Friday, January 1, 2010

Printing a 1920's Drive-In Market

I've been doing less work on the layout for a bunch of reasons, but one of the larger offenders is a new tool, a Makerbot 3d printer. This squirts out threads of styrene plastic to build up three-dimensional objects.

I've been bitching lots about the lack of Spanish Revival-style buildings in HO, and fabricating the curves of these models is a pain to do by hand. I've also been eager to build a 1920's drive-in market, and Spanish style was insanely popular during the '20's and '30's, so this seemed like a great project to try. My best luck in the past with such buildings was the Campbell storefront. In that case, I used a metal milling machine to cut a Plexiglas sheet for the facade - not the easiest of jobs, and a lot of trouble to remake.

This model (still, obviously, in the process of being built) is a combination of sheet styrene and printed parts. The main facade is made of four identical arches, spliced together. The storefront doors and windows are separate printed pieces. The back walls were made with sheet styrene, and I'm using door castings from my scrapbox for the back doors for the stores. The central tower is an interesting mix; I knew printing such a large object would be slow, so I made the body of the tower out of 1/16" sheet styrene, but printed the top decorative piece. Note how I had to make a tab that glues to the back of the styrene to get a good joint; edge-gluing printed pieces doesn't work well, probably because the pieces are hollow and somewhat rough.

What I've learned about 3d printing from this project:

* The Makerbot's great for making duplicate parts. It's perfect for the main building arches, and it was really easy to borrow the middle section of each facade for the tower's false front. I mentioned on my printing blog about the trouble I had keeping the arches from warping; the smaller pieces for the tower were much faster to print and less likely to warp.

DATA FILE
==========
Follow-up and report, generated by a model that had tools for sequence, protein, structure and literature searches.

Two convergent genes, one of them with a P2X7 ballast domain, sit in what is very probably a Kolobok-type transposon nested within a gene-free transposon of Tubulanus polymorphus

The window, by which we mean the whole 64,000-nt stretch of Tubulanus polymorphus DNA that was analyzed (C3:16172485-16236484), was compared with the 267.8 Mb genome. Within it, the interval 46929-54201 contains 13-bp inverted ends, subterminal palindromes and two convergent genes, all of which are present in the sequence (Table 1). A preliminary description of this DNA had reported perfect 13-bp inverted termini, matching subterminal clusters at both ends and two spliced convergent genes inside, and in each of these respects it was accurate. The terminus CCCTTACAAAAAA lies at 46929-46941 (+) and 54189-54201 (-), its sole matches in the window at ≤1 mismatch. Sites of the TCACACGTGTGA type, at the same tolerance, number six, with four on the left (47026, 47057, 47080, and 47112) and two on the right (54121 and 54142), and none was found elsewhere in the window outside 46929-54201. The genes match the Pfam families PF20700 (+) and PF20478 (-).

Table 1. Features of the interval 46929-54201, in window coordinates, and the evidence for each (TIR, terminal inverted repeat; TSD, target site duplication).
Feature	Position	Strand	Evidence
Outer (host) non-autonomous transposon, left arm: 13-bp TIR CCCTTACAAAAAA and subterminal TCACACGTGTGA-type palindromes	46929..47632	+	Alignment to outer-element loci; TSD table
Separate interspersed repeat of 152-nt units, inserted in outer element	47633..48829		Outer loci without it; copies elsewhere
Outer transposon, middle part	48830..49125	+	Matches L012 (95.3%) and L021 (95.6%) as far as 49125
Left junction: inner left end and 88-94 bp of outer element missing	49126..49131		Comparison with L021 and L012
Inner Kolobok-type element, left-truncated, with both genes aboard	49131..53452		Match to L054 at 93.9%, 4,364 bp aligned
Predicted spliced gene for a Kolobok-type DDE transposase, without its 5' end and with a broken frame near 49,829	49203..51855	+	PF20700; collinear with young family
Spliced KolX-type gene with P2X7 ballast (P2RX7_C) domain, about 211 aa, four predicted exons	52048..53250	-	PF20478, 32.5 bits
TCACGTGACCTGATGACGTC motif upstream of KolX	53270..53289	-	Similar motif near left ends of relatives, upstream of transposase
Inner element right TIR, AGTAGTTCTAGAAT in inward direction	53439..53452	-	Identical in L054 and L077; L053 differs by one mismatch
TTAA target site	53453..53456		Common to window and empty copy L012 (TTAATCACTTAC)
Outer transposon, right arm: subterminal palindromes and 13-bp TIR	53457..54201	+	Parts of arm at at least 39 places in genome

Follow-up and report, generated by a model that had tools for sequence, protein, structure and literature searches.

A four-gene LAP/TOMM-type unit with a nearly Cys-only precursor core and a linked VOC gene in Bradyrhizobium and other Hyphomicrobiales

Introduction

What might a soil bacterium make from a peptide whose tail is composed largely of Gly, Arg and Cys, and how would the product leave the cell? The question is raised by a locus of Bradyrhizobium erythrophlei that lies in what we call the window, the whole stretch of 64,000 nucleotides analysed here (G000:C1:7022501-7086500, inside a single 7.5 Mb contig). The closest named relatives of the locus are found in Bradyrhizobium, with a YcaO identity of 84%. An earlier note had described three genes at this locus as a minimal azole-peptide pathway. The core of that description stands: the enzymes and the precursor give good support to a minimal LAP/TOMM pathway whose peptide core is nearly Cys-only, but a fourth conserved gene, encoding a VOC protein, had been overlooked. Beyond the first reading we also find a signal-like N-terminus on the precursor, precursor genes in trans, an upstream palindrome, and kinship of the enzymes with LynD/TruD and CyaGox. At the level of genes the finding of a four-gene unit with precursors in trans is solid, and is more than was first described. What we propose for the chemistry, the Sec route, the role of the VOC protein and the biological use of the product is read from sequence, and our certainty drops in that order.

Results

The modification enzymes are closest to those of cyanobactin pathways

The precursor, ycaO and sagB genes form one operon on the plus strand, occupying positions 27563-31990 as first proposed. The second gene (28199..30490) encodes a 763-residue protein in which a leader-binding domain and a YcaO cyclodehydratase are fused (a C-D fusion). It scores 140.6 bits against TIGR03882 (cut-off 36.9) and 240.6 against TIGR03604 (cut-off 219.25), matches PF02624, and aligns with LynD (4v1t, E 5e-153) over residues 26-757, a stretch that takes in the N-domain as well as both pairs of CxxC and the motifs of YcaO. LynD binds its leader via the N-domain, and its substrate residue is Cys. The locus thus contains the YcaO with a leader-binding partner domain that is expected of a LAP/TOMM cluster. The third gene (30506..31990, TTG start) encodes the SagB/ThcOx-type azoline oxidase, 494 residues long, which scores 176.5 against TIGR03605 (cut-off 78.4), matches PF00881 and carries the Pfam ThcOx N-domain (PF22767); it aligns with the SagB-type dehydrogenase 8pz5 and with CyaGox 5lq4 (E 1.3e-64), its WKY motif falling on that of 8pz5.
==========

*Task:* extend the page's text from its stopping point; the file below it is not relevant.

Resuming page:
Like the Cricut cutter, the 3d printer is a bit less interesting if you're only making one object, for it might be easier just to make the piece by hand. But see my note about making roofs before assuming a 3d printer only helps when making lots of identical pieces.

* The Makerbot's reasonably good at doing curved edges, but it's not great at doing finished surfaces. The extruded plastic is 0.13mm diameter (or about 1" HO), and the gaps between the extruded noodles makes the surface stripey. With the building facades, I covered the face with spackle, gesso, or acrylic medium to try to smooth out the edges.

The storefront door and windows shows what things look like without filling. These are printed pieces straight from the printer, and were only spray-painted. I wasn't sure if these would be acceptable, so I printed them out quickly to see how they'd look. They turned out better than I hope, but they're still pretty coarse, and not quite good enough for a model. These were all printed with a 45 degree angle fill; I'm hoping to print some storefronts with a vertical or horizontal fill pattern in hopes that'll look more like clapboard or another typical material.

* My big discovery today is how great the 3d printer can be for parts that are difficult to fabricate. For the tower, I wanted to have a low, tar-and-gravel roof behind the false fronts. I knew that doing a pyramid hipped roof (where all four sections of the roof meet at a single point) can be a pain to build. I've done them by building up forms for the roof line and carefully cutting and fitting each roof piece, but it's tedious work.

Instead, I just went to Sketchup, drew out a 14 foot square base, found the center of the base, drew a vertical line 3 feet high, then drew lines out to each corner. I then printed the object, and got my perfectly-sized pyramid. I'll glue some simulation of tarpaper on top, and no one will ever know how easy it was to build the roof.

More photos as I finish assembling and painting the model...

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